Its FoodHeals Programme is about providing proper nutrition customised to a child’s medical condition. Cuddles Foundation’s trained nutritionists work with government and charity cancer hospitals and share food and supplements with patients and families. The Foundation is supplying nutritious food for children in 30+ government and charity cancer hospitals. These are spread across 20 cities in the country.
The organisation’s centres are a home away from home for underprivileged families during their child’s treatment for cancer. St. Jude’s mission is to provide a clean, safe and cost-free environment and holistic care to children with cancer. It also supports the parents of such children.
This cancer care NGO provides every child suffering from the illness, irrespective of economic status, a chance of surviving the disease. In its 33 centres across India, St. Jude provides families in need with free housing, nutrition and free transportation. It also offers art-based therapy, music therapy and yoga for the patients. These, along with skills training for income generation.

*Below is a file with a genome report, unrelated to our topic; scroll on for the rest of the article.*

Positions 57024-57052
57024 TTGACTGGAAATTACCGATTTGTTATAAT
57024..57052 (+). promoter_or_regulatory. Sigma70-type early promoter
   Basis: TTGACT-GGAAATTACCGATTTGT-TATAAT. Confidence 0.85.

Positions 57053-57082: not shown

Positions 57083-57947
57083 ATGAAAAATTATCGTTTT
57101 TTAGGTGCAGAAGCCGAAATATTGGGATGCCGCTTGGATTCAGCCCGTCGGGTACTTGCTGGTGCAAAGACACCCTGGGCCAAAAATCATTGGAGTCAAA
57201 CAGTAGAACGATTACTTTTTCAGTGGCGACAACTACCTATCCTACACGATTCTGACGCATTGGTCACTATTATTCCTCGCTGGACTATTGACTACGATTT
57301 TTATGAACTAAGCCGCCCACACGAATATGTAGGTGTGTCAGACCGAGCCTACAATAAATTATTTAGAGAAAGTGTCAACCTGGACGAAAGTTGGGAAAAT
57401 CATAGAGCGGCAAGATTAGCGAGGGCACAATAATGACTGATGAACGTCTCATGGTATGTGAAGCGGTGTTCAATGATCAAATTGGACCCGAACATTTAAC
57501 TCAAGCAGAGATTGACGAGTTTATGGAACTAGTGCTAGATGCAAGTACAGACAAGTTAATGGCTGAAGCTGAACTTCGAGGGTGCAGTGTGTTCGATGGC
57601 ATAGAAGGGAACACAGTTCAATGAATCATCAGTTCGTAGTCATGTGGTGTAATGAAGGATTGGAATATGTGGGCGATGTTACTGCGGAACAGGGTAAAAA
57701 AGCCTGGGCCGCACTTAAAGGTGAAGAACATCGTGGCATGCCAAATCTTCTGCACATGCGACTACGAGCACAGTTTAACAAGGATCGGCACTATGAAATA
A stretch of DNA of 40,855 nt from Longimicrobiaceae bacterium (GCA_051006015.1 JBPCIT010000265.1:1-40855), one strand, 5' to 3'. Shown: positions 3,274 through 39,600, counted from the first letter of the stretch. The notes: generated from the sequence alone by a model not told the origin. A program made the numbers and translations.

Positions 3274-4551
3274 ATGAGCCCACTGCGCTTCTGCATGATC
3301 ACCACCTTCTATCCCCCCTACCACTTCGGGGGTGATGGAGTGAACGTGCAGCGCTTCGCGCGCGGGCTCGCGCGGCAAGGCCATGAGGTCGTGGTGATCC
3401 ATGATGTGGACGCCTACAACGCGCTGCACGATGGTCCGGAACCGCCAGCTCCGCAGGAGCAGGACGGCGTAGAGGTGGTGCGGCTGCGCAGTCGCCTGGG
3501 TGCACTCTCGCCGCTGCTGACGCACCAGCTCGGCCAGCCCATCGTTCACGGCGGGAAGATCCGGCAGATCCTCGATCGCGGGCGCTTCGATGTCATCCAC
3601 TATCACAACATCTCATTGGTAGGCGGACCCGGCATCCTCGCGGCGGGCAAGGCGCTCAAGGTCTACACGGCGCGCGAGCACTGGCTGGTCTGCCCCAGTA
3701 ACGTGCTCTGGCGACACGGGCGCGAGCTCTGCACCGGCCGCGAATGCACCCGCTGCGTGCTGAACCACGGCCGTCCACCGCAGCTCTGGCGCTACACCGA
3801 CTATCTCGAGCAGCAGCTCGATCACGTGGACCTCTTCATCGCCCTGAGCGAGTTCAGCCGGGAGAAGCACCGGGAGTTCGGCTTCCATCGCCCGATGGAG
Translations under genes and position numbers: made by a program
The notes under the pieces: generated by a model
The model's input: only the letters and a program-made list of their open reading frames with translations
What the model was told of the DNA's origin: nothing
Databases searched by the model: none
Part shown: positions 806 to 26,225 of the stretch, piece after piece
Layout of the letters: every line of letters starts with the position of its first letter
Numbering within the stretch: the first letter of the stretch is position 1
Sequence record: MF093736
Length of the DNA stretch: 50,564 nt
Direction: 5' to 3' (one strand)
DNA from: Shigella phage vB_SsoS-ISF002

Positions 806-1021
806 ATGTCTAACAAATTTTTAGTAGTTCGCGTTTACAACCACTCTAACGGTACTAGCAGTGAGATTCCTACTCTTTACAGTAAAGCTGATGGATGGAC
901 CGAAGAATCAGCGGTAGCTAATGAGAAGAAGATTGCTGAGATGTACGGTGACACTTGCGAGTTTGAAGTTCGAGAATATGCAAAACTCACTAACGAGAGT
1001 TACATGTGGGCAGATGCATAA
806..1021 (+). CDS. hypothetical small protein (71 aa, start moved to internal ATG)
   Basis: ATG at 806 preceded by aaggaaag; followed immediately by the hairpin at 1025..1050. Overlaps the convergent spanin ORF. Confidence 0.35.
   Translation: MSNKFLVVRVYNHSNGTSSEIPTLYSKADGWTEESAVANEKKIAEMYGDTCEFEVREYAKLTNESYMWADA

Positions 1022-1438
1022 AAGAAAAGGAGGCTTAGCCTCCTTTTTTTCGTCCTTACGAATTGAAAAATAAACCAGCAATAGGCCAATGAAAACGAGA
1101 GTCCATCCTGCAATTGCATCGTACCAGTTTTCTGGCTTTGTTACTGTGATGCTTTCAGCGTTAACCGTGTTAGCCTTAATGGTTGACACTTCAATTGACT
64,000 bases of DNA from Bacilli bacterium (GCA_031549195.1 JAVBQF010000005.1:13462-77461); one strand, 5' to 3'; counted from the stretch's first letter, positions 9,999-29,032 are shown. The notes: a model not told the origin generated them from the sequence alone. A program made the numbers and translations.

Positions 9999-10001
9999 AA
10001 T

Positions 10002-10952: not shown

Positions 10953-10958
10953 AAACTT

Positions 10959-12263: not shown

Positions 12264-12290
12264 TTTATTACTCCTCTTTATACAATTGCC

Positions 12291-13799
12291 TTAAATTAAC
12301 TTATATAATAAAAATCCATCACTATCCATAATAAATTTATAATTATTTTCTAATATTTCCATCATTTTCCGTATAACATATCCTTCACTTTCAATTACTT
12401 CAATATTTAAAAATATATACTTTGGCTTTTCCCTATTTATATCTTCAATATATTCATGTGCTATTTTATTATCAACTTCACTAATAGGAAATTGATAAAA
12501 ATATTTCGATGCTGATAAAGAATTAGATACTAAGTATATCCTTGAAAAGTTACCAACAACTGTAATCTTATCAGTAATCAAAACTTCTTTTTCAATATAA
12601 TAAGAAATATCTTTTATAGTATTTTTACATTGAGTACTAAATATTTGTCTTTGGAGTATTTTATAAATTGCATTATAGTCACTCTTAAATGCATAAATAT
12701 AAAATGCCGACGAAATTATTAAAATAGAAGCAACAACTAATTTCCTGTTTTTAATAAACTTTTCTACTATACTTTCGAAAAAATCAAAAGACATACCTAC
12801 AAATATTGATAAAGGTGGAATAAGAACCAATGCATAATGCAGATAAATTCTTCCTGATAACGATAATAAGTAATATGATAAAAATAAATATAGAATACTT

The Charutar Arogya Mandal manages many medical and paramedical institutions across Gujarat. And it is now one of the leading NGOs for cancer patients in India. The organisation is the brainchild of the late Dr HM Patel, former Finance and Home Affairs Minister.
Charutar Arogya Mandal provides state-of-the-art multidisciplinary cancer care for patients from weaker economic groups at affordable or no cost. Shri Krishna Hospital, which the Mandal runs, does over 500 cancer surgeries. It also provides 2,000 patients with radiotherapy and 2,500 patients with chemotherapy every year.